Section 40A(3) of the Income Tax Act, 1961, plays a crucial role in regulating cash expenditures in business or profession. This section imposes restrictions on the deduction of expenses incurred in cash, particularly when payments exceed a specified threshold. Understanding the provisions of Section 40A(3) is essential for taxpayers to ensure compliance with income tax regulations.
As per Section 40A(3), of the Income Tax Act, 1961,
Where the assesse incurs any expenditure in respect of which a payment or aggregate of payments made to a person in a day, otherwise than by an account payee cheque drawn on a bank or account payee bank draft,[or use of electronic clearing system through a bank account or through such other electronic mode as may be prescribed, exceeds ten thousand rupees,] no deduction shall be allowed in respect of such expenditure.
Where any liability for any expenditure incurred is allowed as a deduction on accrual basis in the relevant assessment year, and subsequently during any previous year, the assesse makes payment in respect of, otherwise than by an account payee cheque drawn on a bank or an account payee bank draft or use of electronic clearing system through a bank account or through such other electronic mode as may be prescribed, the payment so made shall be deemed to be the profits and gains of business or profession and according chargeable to income tax as income of the subsequent year, if the payment or aggregate of payments made to a person in a day, exceeds Rs. 10,000. [(Section 40A(3A)].
The above limit or Rs. 10,000 is applicable from assessment 2018-19, before that it was of Rs. 20,000. In the Finance Act 2017, it has been increased.
However, no disallowance shall be made and no payment shall be deemed to be the profit and gain of business or profession, where a payment or aggregate of payments made to a person in a day, otherwise than by an account payee cheque drawn on a bank or account payee bank draft, or use of electronic clearing system through a bank account, or through such other electronic mode as may be prescribed, exceeds Rs. 10,000 in cases and circumstances prescribed under Rule 6DD of the Income tax Rules, 1962. Text clauses of Rule 6DD is as under:
(a) where the payment is made to-
(i) the Reserve Bank of India or any banking company as defined in section 5 clause c of the Banking Regulation Act, 1949 (10 of 1949);
(ii) the State Bank of India or any subsidiary bank as defined in Section 2, of State Bank of India (Subsidiary Banks) Act 1959 (38 0f 1959);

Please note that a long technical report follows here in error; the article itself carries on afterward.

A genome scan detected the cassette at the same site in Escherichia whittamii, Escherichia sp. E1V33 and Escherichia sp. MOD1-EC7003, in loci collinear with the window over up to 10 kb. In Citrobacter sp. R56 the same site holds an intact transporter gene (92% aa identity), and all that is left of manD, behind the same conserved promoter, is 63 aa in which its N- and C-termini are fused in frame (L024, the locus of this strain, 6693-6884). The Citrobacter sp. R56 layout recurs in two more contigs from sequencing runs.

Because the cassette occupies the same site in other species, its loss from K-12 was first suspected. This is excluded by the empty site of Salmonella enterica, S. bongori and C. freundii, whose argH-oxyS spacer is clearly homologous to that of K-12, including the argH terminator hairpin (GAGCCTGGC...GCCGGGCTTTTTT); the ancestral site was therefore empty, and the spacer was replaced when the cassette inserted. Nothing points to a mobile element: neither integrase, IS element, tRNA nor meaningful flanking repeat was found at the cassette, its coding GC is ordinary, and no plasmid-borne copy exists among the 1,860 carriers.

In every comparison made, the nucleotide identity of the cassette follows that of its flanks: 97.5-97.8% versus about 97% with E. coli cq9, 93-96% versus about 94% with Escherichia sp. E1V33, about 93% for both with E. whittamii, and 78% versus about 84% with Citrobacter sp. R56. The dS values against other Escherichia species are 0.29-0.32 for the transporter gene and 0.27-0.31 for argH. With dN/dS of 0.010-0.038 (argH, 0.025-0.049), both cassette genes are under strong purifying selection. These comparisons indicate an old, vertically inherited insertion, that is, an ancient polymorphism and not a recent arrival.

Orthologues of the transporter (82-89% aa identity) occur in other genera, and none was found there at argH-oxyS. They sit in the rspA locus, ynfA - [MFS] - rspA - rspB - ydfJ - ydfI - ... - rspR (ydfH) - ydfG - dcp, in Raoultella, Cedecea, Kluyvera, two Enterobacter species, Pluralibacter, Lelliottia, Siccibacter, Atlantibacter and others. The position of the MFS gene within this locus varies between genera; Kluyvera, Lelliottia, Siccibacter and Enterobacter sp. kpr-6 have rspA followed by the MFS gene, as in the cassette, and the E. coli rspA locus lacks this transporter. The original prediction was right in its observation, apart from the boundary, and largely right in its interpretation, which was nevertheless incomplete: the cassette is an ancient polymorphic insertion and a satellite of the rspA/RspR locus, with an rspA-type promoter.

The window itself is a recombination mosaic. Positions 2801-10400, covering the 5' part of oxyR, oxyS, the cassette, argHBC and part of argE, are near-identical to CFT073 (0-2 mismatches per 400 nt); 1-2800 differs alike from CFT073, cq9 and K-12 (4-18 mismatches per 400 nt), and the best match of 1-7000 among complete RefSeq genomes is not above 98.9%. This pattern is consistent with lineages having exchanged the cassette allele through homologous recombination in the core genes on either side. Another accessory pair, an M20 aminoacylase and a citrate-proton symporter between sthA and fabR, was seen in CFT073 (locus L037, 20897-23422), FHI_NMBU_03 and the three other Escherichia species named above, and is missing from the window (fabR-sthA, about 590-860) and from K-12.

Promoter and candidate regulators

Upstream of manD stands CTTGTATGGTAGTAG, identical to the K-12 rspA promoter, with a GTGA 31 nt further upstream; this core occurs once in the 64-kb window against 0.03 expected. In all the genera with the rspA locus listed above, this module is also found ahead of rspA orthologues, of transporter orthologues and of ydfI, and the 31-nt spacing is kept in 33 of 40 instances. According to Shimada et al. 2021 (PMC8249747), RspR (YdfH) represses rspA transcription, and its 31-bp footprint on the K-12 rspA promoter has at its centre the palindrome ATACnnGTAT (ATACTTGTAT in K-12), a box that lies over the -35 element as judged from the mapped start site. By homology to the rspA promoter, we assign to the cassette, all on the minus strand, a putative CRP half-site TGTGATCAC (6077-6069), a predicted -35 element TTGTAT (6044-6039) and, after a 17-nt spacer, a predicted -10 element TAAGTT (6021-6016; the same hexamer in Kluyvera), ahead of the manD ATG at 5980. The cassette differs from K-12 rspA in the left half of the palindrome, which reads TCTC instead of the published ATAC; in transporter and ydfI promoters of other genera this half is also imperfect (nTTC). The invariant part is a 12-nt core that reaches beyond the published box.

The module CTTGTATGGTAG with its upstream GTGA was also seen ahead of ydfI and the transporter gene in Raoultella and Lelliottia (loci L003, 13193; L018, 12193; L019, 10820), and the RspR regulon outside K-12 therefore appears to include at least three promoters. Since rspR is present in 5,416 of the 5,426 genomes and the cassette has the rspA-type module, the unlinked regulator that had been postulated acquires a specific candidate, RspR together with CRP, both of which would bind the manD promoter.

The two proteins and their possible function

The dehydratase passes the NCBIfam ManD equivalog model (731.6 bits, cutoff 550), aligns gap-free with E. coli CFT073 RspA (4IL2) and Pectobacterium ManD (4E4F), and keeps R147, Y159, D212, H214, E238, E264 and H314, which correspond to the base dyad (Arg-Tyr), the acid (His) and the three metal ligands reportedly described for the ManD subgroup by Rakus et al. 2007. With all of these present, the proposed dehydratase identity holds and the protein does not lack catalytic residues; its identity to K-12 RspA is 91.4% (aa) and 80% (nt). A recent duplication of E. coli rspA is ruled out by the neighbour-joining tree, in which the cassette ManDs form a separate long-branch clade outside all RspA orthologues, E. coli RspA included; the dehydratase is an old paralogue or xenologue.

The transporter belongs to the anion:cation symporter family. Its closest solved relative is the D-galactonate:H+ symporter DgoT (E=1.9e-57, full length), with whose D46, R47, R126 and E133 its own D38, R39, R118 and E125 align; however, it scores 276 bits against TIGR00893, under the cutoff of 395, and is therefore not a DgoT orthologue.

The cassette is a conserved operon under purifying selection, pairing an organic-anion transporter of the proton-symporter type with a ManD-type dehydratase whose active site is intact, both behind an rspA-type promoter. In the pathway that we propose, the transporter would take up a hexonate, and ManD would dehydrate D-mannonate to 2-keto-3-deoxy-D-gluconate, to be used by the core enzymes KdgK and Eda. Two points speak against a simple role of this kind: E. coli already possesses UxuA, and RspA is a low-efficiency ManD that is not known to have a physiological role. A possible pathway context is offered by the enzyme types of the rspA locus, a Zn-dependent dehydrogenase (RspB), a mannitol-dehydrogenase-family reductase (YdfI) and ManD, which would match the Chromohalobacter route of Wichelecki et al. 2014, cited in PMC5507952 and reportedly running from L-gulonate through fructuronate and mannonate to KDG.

(iii) any co-operative bank or land mortgage bank;
(iv) any primary agricultural credit society or any primary credit society as defined under section 56 of the Banking Regulation Act,1949(10 of 1949);
(v) the Life Insurance Corporation of India established under section 3 of the Life Insurance Corporation Act, 1956 (31 of 1956);
(b) where the payment is made to the Government and, under the rules framed by it, such payment is required to be made in legal tender.
(c) where the payment is made by-
(i) any letter of credit arrangement through a bank;
(ii) a mail or telegraphic transfer through a bank;
(iii) a book adjustment from any account in a bank to any other account in that or other bank;
(iv) a bill of exchange made payable only to a bank;
(d) where the payment is made by way of adjustment against the amount of any liability incurred by the payee for any goods supplied or services rendered by the assesse to such payee;
(e) where the payment is made for all purchases of-
(i) agricultural or forest produce; or
(ii) the produce of animal husbandry or diary or poultry farming; or
(iii) fish or fish products; or
(iv) the products of horticulture or apiculture,
To the cultivator, grower or producer of such articles, produce or products;
(f) where the payment is made for the purchase of the products manufactured or process without the aid of power in a cottage industry to the producer of such products;
(g) where the payment is made in a village or town, which on the date of such payments is not served by the bank;
(h) where any payment is made to an employee of the assesse or the heir of any such employee, on or in connection with the retirement, retrenchment, resignation, discharge or death of such employee, on account of gratuity, retrenchment compensation or similar terminal benefit and the aggregate of such sums payable to the employee or his heir does not exceed Rs. 50,000.
(i) where the payment is made by an assesse by way of salary to employee after deducting the income tax from salary in accordance with the provisions of section 192 of the Act, and when such employee-
(i) is temporarily posted for a continues period of 15 days or more in a place other than the normal place of duty or on a ship;
(ii) does not maintain any account in any bank at such place or ship.
So the above types of payments are exception for section 40A(3) and (3A).
Conclusion: Section 40A(3) of the Income Tax Act, 1961, is a critical provision aimed at regulating cash expenditures in business or profession. It discourages large cash transactions by disallowing deductions for such expenses exceeding Rs. 10,000. However, there are exceptions under Rule 6DD that allow specific cash payments. Taxpayers should remain informed about these provisions to ensure compliance with income tax regulations and avoid disallowance of expenditures incurred in cash.